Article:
Talking about Access to Education

I recently came across the following articles that got me thinking about education in Africa.

Early last year, I convinced two young women to join me in an over ambitious programme that aimed to present society with a breed of educated young women and girls equipped with leadership skills. My aim was not only to ensure that girls have access to education, but that they make the best of it, coming out as outstanding scholars and leaders at an early age. Recently, while reminiscing on my ideas and reading on the development of gender equality and education in Africa, I came across several articles that reminded me of a heated discussion I had with my partners. Being a feminist and presented with  the statistics on gender inequality in the education and leadership sphere in Africa, I was keen on developing this project for the specific benefit of young women and girls. My partners on the other hand had a different perspective, one that involved including young men and boys with the aim of changing their patriarchal and androcentric mentality.
After reading the above articles among others, I became aware of several issues affecting most societies not only in Africa but also Asia, such as access to education and quality of education. However, of interest to note is that free education is not enough, poverty is the main problem, and beyond poverty, culture also does hinder access to education, and it is this culture that I have always argued further oppresses young women and girls. Though I am a strong believer in the empowerment of the girl child and young women, it has come to my attention that the boy child is also affected by patriarchal cultural believes. Claire Ngozo’s story (see the links above) of the family in Malawi shows the burden a young boy has to shoulder, because of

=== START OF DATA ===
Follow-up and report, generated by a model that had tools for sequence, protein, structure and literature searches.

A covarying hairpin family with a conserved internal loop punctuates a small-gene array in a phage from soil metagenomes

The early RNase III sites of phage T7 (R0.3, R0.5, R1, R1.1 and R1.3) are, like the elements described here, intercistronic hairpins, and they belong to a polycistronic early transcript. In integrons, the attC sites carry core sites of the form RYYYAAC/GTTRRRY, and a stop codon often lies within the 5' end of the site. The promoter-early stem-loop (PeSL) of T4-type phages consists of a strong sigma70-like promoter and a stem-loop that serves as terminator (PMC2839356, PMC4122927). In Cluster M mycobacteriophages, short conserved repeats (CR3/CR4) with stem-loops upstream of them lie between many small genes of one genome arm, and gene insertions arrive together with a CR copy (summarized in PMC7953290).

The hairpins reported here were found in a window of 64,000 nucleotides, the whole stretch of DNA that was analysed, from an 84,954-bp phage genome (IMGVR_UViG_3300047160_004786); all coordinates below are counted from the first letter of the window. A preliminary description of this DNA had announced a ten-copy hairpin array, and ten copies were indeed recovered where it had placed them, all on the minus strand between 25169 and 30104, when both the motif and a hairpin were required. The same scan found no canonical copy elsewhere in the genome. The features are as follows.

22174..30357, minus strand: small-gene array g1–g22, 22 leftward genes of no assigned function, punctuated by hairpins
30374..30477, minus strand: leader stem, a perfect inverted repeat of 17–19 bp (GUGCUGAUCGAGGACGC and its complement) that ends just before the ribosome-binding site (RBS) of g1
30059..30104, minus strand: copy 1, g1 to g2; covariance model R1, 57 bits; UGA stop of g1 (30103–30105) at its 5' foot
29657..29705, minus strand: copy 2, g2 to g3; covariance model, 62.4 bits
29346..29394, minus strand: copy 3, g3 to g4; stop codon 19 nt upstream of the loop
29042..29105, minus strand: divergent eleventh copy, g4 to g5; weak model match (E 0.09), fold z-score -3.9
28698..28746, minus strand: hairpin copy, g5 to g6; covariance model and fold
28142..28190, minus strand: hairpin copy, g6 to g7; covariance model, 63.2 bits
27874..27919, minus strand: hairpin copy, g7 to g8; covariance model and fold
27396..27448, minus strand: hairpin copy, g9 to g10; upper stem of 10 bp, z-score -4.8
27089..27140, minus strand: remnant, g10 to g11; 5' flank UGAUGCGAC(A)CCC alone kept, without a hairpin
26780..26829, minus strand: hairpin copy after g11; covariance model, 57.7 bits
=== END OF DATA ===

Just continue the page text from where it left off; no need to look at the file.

the mother’s stereotypical and cultural believes that it is the male who have the responsibility of providing for the family. Ironically, in this case the boy becomes a victim of the very system that subjugates women. In the other story from Kenya, young girls are being forced into early marriages. In both cases children are denied access to education because of cultural believes and practices. What these stories suggest is that patriachy/andocentrism is a state of mind, which is embraced not only by the men, but by the women as well. Therefore, beyond government policies and programmes that provide free education, we should remember, that even in these “modern” times, traditional cultures and stereotypes still have to be addressed especially at the grass root level.

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